Bulgaria, Romania distance Roma issue from Schengen entry
Bulgaria and Romania insisted that the problem of Roma minorities should not impact their entry into the visa-free Schengen area next year, at a meeting of their presidents in Sofia Thursday.
"The first priority (for Romania and Bulgaria) within the EU is adhesion to the Schengen area March 2011," Romanian President Traian Basescu said.
"We categorically oppose direct or indirect links being made with other issues, notably the Roma," he said.
Bulgarian leader Georgy Parvanov added that the integration of minority groups could not constitute a criteria for entry into Schengen.
The leaders were meeting for the first time since France's summer crackdown on Roma emcampments and expulsions back to Romania and Bulgaria, which drew widespread criticism and even EU threats of legal action.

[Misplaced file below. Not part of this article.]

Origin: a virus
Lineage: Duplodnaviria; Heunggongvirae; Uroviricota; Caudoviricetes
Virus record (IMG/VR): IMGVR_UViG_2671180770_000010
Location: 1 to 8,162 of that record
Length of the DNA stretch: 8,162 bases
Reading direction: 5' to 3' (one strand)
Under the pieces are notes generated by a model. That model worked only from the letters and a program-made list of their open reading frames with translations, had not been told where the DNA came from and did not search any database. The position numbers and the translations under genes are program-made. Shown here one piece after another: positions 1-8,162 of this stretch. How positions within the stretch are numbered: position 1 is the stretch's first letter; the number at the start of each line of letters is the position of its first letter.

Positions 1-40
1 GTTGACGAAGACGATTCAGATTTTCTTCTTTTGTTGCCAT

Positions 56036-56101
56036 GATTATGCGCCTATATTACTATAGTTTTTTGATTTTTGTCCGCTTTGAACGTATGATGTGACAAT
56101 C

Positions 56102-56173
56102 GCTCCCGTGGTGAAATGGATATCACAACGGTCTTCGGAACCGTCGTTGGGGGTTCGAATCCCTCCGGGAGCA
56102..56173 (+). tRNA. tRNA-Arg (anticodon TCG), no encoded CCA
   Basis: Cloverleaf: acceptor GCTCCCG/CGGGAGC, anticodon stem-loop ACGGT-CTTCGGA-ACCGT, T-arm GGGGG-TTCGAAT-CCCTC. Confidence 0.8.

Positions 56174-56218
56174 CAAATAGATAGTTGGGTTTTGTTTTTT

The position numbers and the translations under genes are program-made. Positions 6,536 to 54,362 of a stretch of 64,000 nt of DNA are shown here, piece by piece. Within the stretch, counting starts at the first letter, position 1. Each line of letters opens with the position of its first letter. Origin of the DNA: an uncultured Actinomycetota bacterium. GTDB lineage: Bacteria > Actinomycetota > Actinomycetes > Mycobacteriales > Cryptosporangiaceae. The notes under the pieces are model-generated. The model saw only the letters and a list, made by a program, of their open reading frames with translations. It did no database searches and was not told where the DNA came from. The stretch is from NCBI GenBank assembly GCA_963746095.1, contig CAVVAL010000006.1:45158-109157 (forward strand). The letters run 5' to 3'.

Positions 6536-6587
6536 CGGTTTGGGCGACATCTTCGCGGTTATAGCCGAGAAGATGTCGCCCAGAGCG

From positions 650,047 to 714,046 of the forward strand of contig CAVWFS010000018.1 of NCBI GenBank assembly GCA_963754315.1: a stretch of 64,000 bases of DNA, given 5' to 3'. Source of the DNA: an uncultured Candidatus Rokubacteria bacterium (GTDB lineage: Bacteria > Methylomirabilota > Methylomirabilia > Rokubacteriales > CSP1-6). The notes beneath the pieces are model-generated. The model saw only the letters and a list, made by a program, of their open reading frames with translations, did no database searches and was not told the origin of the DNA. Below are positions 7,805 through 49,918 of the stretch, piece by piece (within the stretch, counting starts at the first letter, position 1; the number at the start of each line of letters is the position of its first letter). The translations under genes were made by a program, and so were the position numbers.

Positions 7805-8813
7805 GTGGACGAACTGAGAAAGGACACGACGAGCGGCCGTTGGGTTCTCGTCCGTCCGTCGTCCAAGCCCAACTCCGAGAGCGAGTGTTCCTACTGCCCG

Basescu urged a strategy of integration of Roma and other gypsies at a European level, calling on member states to "get out of the hypocrisy."
He added that sanctions and expulsions on the basis of ethnic background are unacceptable, alluding to France's actions.
"When the nomadic Roma set up camps, whether it be in Sofia, Bucharest or Paris, it is necessary to create for them seasonal work, provide medical assistance and send their children to school," he said, adding that some gypsies were settled and integrated.
The left-leaning Parvanov has hit out at French authorities over the Roma expulsions, but his more conservative prime minister, Boiko Borissov, has said he saw no problem with France.
Borissov has also distanced his country from Romania, saying that its entry into the Schengen area is not comparable since only some 50 gypsies returned to Bulgaria, whilst hundreds more returned to Romania.
© 2010 AFP